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Tantalizing Tessellations

Students discover interrelationships between art and math with this fascinating activity focusing on line, shape, pattern and design.

  • Grade 5
    Grade 6
  • 60 to 90 Minutes
  • Directions

    1. Introduce students to tessellations by showing several simple examples as well as more complicated ones such as those created by the artist, M. C. Escher. Explain that a tessellation is a design using an image or images that fit together perfectly with no gaps or overlaps. The creators of tile floors incorporate tessellations into their designs. Squares, triangles, and octagons fit easily together, but tessellations can also be created with interesting irregular shapes as well.
    2. Using rulers and manila paper or light weight poster board, ask each student to cut a small, perfect square. Something approximately 2”x 2” is sufficient.
    3. Have students write a number in each outer corner of the square with #1 in the top left, #2 in the top right, #3 in the bottom left, and #4 in the bottom right.
    4. Next, each student should draw a horizontal line across the square. It can be curved or jagged and need not be in the exact center of the square. Then ask them to do the same with a vertical line so that the square is now divided into four (unequal) quadrants.
    5. Invite students to cut along these two lines so that the square falls into four pieces. Have them lay the four pieces on a flat surface so the straight edges form a cross in the middle of a new, irregular shape. Arrange the pieces so the numbers now appear in the center of the figure in reverse order (4 in the top left quadrant, 3 in the top right quadrant, 2 in the bottom left quadrant, and 1 in the bottom right quadrant). Tape the pieces together.
    6. This new shape will become the template for a tessellation. Invite students to use their templates to trace an outline in the center of a piece of drawing paper. Then show them how to retrace the template multiple times fitting one drawing into another perfectly to create a design.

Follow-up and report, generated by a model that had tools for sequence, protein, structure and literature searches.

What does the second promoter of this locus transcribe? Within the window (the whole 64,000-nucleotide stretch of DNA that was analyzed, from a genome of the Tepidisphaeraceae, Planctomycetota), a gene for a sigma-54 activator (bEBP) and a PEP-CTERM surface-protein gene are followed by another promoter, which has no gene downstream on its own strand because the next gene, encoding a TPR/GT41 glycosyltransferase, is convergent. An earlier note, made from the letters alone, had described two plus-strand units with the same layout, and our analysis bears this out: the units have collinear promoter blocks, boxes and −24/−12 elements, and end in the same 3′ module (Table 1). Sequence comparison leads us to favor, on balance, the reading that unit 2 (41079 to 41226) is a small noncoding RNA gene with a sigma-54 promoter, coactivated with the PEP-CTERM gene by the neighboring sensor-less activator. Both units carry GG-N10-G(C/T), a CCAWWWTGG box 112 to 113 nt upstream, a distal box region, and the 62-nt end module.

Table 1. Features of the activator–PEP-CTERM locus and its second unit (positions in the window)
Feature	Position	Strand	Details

7. Once drawings are complete, distribute Crayola® Erasable Colored Pencils, Markers, or Crayons and invite students to color their tessellations using two or more colors in such a way as to be sure shapes of the same color do not touch one another. This will create a pattern of contrasting colors that will make the outline of the shapes stand out.
    8. If some students “see” something in the shape of their template such as a fish, a flower, or a dog, invite them to add a few simple marks to define details. Otherwise, students may let their designs remain abstract.
  • Standards

    LA: Acquire and use accurately grade-appropriate general academic and domain-specific words and phrases; gather vocabulary knowledge when considering a word or phrase important to comprehension or expression.

    MATH: Analyze patterns and relationships.

    MATH: Draw, construct and describe geometric figures and describe the relationships between them.

    VA: Students will investigate, plan and work through materials and ideas to make works of art and design.

    VA: Art communicates about and helps viewers understand the natural and constructed world.

  • Adaptations

    Younger students may enjoy creating tessellations with regular geometric shapes such as squares, rectangles, or triangles. Encourage them to create patterns with their use of color.

    Turn tessellation patterns into textile designs by transferring them to white fabric using Crayola® Fabric Markers.

    Invite students to look for tessellations in their surroundings and bring in photographs showing their discoveries. Tessellations appear in tile floors, textile designs, and even nature (fish scales, honeycomb, pineapples, etc.).


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  • Creativity.
  • Capacity.
  • Collaboration.
  • Change.
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